real life

Deni Todorovič tried to get a taxi. Three drivers outright refused.

When Deni Todorovič was about to leave for an event at the Australian Open, the only thing running through their head was how to get there.

The author, activist and Mamamia podcast host (whose pronouns are they/them), was staying at a hotel in Melbourne and running late. There was a taxi rank outside; it seemed like the obvious choice to jump in one and go.

"I saw the first cab, opened the door and sat in the car. [The driver] looked in his rear-view mirror and was like, 'What are you?'" Deni told Mamamia.

Deni knew exactly what they meant. They tried to move past it, saying they didn't understand the question, and calmly explaining where they needed to go. 

"You need to get out of my car. I'm not taking you," the taxi driver said.

Watch: Deni tells Mia Freedman their coming out story. Post continues after video.

Video via Mamamia.

After getting out, Deni went up to the second taxi in the rank. This time, the driver was female.

"That made me even more sad," Deni recalled.


The driver said to them: "I'm sorry, I'm not going to take you."

By the time Deni got into the third taxi, they told the driver they were feeling unsafe, and just needed to get to Rod Laver Arena.

"That's not my problem. I'm not police, I'm the taxi driver. Go find someone else, because I'm not taking you either," the driver told them.

"I'm now sweating, it's hot, [I'm] about to cry," Deni told Mamamia.

After three attempts, the creator offered the fourth driver double whatever the previous ones would've charged them.

The driver was polite and agreed, saying, "It would be my pleasure to take you."

The irony of it all: Deni was on the way to the Australian Open's annual Pride Day.


In case you haven't seen them on social media, Deni is a vocal activist for queer rights, and regularly discusses the topics of gender, sexuality and equality on their platforms.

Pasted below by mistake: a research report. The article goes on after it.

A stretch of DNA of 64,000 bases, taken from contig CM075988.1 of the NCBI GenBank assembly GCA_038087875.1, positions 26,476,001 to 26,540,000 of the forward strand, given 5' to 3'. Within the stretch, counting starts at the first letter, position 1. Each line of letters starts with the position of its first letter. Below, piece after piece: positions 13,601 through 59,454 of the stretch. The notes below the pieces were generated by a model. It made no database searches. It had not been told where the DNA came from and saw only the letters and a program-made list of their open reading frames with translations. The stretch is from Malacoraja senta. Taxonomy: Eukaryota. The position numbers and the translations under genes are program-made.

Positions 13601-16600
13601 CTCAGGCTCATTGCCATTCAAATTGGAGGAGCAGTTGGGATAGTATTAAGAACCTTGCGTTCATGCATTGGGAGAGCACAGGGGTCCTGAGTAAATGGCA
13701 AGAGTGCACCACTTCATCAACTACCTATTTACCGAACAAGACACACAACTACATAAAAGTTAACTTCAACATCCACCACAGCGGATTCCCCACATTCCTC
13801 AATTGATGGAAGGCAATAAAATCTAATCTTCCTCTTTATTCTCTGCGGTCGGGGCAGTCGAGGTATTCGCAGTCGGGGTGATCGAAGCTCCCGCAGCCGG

They also love fashion - having worked in the industry for over a decade and now co-hosting Mamamia's fashion podcast, What Are You Wearing?, they're a leader in the de-gendering fashion movement. Their style ethos? Wear clothes that authentically feel like "you".

Although Deni has no issue being authentic on social media or in public, the content creator noted that when people take issue with them, their tendency is to avoid confrontation - and for good reason.

"When I experience any safety issues on the street by people bullying me, I don't like confrontation because I know that anger and hostility can often turn physical and that's just not how I roll," they said.

Although family and friends asked Deni whether they got the drivers' license plates, the incidents happened so quickly that they didn't even think about it.


"I went into survival [mode]," they said.

Finding safe transport remains a challenge for those in the queer community. 

At a recent photoshoot, Deni was told by two queer people on set how they hoped their rideshare driver would be a woman.

One of them, a drag queen, recalled how drivers have kicked her out of their car when in drag, while taxis have also refused to pick her up.


"It's a real problem in the queer community," Deni said.

And it doesn't stop at taxis and ridesharing apps. 

Many queer people don't feel comfortable on public transport either, experiencing bullying or singling out from the general public.

"So you're not safe on a tram, you're not safe on a train, you're not safe in a rideshare, how are you supposed to get anywhere?" Deni asked.

Despite the progress which has been made, the creator knows it won't be the first or last time they face harassment when entering a vehicle.

"Everything is a double-edged sword," they said.

"On the one hand, you have Pride; you have support from the community. On the other hand, you can't even get a f***ing taxi."

So what's the solution?

Although Deni has a hundred and one things on their plate already, the content creator hopes to start a ridesharing app just for queer people.

The idea exists in San Francisco where there is a large queer community, but not in Australia.

As Deni says, the drivers don't need to be queer themselves, but they must be allies. 

We hope to see that option on the streets soon.

Feature image: Instagram/@stylebydeni